They dance their great dances, slow waltzes across millennia, or they wander aimlessly on their paths through the galaxy. They pay no heed to whether or not they’re dancing, and when they have no partner, they’re content to continue on their way.
Though they may twirl together with another for a million years, they’re sometimes thrown apart by circumstance. Displaced or flung away through forces unknown to them.
Stars don’t realise they’re being tugged and pulled by the gravity of a billion influences, and nor do they fight those influences. They simply carry on along their path, content to wander until they may stumble across another dancing partner, whose light they can share in.
Be like the stars. Wander. Dance.
NGC 5195, The Dot Under the Question Mark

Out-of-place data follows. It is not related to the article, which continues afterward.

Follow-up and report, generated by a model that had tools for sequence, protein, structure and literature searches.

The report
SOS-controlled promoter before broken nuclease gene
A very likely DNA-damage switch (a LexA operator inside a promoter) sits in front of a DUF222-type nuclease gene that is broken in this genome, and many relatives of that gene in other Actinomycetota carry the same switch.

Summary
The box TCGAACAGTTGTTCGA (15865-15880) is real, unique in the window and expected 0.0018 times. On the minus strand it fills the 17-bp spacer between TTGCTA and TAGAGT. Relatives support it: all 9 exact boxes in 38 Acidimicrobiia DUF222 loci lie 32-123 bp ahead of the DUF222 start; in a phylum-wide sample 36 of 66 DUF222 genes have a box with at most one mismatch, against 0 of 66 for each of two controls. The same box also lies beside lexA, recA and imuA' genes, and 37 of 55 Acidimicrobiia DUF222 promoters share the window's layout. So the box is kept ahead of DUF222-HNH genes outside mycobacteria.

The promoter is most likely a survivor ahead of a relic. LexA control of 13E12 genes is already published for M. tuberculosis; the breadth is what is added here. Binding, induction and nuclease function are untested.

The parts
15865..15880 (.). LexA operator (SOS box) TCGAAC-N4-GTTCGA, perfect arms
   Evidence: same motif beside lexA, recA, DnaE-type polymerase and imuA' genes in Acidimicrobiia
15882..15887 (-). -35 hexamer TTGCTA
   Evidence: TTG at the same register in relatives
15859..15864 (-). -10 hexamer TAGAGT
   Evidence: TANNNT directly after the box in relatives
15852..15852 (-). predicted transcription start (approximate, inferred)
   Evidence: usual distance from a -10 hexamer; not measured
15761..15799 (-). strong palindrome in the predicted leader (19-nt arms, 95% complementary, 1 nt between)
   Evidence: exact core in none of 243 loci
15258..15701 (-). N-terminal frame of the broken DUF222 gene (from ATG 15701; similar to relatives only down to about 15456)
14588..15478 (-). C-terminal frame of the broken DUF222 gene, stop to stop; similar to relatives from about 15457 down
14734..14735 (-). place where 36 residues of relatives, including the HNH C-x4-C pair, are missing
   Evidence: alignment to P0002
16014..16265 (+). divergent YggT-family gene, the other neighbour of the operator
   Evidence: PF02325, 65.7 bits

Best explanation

"Dwarf galaxy NGC 5195 is best known as the smaller companion of spiral M51, the Whirlpool galaxy. Seen together they seem to trace the curve and dot of a cosmic question mark, recorded in Lord Rosse’s 19th century drawings as one of the original spiral nebulae. Dwarfed by enormous M51 (aka NGC 5194), NGC 5195 spans about 20,000 light-years. A close encounter with M51 has likely triggered star formation and enhanced that galaxy’s prominent spiral arms. Processed from image data available in the Hubble Legacy Archive, this majestic close-up of NGC 5195 makes it clear that the dwarf galaxy now lies behind M51. A tidal bridge of dark dust clouds and young blue star clusters stretches from the outskirts of M51 on the right, appearing in silhouette against the dwarf galaxy’s yellowish glow. The famous pair of interacting galaxies lie some 30 million light-years away, toward the handle of the Big Dipper, and the constellation of the Hunting Dogs"